Editor's note: The following column first appeared in the Washington Times.

You know journalism is in a sorry state when a New York Times columnist makes news simply by admitting the truth that President Trump’s leadership crushed ISIS.

Ross Douthat, a columnist at The New York Times, is being praised far and wide for noticing one of Mr. Trump’s many victories. Defeating ISIS is not insignificant, but you would barely know it happened if you rely on the legacy media. An even more self-defeating liberal effort is to convince their base that major presidential accomplishments are meaningless.

As a conservative columnist at The Times, Mr. Douthat’s approach was similar to that of many previous Trumpskeptics — he peppered his commentary with a variety of reasons he thinks Mr. Trump is still an oafish boor. Sure, he defeated ISIS and the media ignored it, but it’s Mr. Trump’s fault. He’s a scandalous, controversial president, and if he was just more normal, then the media wouldn’t be so distracted.

We’re told.

In his column, Mr. Douthat sets a tone at the start so no one should mistake his eventual admission as recognition of Mr. Trump’s masterful foreign policy approach. He starts by blaming the president for media malpractice:

“There is nothing more characteristic of the Trump era, with its fire hose of misinformation, scandal and hyperbole, than that America and its allies recently managed to win a war that just two years ago consumed headlines and dominated political debate and helped Donald Trump himself get elected president — and somehow nobody seemed to notice.”

Mr. Douthat notes, “[I]f you had told me in late 2016 that almost a year into the Trump era the caliphate would be all-but-beaten without something far worse happening in the Middle East, I would have been surprised and gratified. … So very provisionally, credit belongs where it’s due — to our soldiers and diplomats, yes, but to our president as well.”

Provisionally. Sure.

Finally, halfway through a piece that blames the president and even suggests the success against ISIS was started by former president now political gadfly Barack “Jayvee Team” Obama, we get the admission about why media doesn’t report on Mr. Trump’s successes:

“But this is also a press failure, a case where the media is not adequately reporting an important success because it does not fit into the narrative of Trumpian disaster in which our journalistic entities are all invested. I include myself in this indictment.”

After admitting “our journalistic entities” are “invested” in the Trump disaster “narrative,” Mr. Douthat didn’t notice the irony of his column, which tries to reinforce that very narrative in a remarkable display of cognitive dissonance.

On one hand he feels compelled to admit media reports only what it sees through its Hillary-colored glasses, and in the same breath begs the question by delivering the tired and usual media indictment of how the president is a bumbling court jester who stole the throne. Moreover, Mr. Trump is a scandal machine, forcing the media to miss all the real, important news.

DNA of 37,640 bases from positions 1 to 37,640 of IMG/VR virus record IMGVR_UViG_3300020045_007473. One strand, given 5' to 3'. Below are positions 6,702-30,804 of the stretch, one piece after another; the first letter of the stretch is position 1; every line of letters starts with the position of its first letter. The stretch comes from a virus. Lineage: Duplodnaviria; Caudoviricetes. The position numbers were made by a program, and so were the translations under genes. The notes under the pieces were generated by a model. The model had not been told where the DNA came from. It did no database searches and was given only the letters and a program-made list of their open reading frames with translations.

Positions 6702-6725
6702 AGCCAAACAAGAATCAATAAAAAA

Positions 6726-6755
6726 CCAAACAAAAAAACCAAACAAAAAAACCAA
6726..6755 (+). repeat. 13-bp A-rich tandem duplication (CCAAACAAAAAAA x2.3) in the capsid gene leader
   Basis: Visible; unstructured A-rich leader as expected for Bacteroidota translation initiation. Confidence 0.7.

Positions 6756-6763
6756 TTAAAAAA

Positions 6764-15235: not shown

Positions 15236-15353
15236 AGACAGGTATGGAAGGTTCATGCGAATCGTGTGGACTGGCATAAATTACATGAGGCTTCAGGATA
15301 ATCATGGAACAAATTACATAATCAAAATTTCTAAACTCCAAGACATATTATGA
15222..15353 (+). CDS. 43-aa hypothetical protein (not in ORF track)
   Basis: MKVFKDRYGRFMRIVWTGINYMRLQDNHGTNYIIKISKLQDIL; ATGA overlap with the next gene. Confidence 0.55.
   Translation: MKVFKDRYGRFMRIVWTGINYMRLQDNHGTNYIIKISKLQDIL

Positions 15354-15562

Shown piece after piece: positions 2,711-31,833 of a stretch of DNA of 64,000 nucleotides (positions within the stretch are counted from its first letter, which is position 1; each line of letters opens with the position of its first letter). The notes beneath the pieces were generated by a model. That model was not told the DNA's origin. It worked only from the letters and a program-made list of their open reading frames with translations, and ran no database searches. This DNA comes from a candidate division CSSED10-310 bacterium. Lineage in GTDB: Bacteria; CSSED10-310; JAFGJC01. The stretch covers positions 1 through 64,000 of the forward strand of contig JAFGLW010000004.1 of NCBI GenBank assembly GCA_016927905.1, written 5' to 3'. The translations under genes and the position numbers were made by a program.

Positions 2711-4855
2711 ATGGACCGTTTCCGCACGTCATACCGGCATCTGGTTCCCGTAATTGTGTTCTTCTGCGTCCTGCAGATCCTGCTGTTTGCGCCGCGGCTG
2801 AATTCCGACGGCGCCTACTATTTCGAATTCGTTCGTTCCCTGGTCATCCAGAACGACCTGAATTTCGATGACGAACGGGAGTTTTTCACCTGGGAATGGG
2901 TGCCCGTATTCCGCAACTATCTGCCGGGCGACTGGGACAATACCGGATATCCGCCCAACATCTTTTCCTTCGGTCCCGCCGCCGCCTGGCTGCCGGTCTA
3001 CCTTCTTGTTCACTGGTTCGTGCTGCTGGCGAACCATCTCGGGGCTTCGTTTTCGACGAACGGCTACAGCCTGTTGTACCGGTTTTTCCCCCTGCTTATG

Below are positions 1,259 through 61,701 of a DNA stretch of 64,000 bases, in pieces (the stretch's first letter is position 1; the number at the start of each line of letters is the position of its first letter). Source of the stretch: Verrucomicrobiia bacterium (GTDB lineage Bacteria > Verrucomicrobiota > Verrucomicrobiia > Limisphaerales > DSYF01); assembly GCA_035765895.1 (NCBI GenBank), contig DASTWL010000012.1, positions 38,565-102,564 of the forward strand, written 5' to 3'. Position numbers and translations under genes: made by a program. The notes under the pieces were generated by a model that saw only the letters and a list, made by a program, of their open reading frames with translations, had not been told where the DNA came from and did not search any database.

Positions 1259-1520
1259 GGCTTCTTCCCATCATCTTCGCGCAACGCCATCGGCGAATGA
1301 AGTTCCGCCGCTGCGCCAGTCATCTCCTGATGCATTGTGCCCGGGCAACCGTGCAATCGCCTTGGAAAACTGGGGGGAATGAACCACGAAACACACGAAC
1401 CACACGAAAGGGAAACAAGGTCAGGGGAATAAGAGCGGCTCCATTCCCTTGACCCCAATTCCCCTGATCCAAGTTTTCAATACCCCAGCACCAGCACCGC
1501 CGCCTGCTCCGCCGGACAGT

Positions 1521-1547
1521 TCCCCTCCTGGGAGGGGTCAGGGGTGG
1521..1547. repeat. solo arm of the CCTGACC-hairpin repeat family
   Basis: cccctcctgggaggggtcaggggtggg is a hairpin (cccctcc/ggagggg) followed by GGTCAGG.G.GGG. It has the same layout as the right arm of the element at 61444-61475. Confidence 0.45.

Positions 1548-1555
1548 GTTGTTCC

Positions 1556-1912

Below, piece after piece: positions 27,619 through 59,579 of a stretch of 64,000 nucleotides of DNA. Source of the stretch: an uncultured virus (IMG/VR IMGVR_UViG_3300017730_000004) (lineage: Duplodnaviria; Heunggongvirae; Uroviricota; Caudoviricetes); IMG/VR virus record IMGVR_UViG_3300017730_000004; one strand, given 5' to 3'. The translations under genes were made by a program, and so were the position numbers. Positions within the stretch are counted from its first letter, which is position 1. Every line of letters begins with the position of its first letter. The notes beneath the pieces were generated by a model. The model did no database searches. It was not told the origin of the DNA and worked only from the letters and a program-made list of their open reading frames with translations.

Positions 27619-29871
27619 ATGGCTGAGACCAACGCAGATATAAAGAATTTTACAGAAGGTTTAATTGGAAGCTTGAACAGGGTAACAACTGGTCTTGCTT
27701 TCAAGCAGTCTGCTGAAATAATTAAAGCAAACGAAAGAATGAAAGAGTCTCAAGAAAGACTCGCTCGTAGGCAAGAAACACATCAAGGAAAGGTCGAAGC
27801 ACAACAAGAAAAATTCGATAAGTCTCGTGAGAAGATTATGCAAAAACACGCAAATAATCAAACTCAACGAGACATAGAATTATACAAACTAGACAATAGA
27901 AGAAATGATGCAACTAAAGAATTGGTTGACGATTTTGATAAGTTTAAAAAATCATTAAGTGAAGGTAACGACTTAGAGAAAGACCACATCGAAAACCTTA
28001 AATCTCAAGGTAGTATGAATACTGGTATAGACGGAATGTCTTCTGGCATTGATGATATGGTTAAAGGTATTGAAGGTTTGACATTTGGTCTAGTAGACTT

Somehow missed is the fact that Trump Derangement Syndrome has driven many reporters and so-called journalists to see what they want to see; and if a story that makes the president look bad doesn’t exist, they will make one up.

While Mr. Trump was crushing ISIS by allowing our military to do their job, the media’s obsession with fake “Trump narrative” news prevailed. Viewers of legacy news were drowning in false stories such as former FBI Director James B. Comey preparing to tell Congress Mr. Trump was under investigation, and a CNN story that Anthony Scaramucci was under investigation for Russia ties. That little, contrived gem led to the resignation of three journalists.

Mr. Trump didn’t create these, or so many other “controversies” — the media itself did.

Earlier this month, David Harsanyi at the Federalist provided a reminder of what else the media’s “Trump narrative” created while the president was getting this nation back on her feet:

“This week alone, four big scoops were run by major news organizations — written by top reporters and presumably churned through layers of scrupulous editing — that turned out to be completely wrong: Reuters, Bloomberg, The Wall Street Journal, and others reported that the special counsel’s office had subpoenaed Donald Trump’s records from Deutsche Bank. They weren’t,” Mr. Harsanyi reported.

“ABC reported that Trump had directed Michael Flynn to make contact with Russian officials before the election. He didn’t (as far as we know). The New York Times ran a story that showed K.T. McFarland had acknowledged collusion. She didn’t. Then CNN topped off the week by falsely reporting that the Trump campaign had been offered access to hacked Democratic National Committee emails before they were published,” he noted.

What was actually happening? In addition to ISIS being crushed, a small sampling of the president’s accomplishment include the economy continuing to soar, 70 record stock market closes, 2.2 million new jobs since the election, the Hispanic unemployment rate dropping to a historic low 4.7 percent, tax cuts and the start of tax reform, and the slashing of job-killing and freedom suppressing regulations.

Mr. Trump doesn’t “cause controversies,” the media does. Another Trump accomplishment? Exposing how far a corrupt media will go in an attempt to nullify an election. The good news is Mr. Trump, and his entire family, survived a year of media malpractice meant to destroy them. But that doesn’t need to be reported, we already know.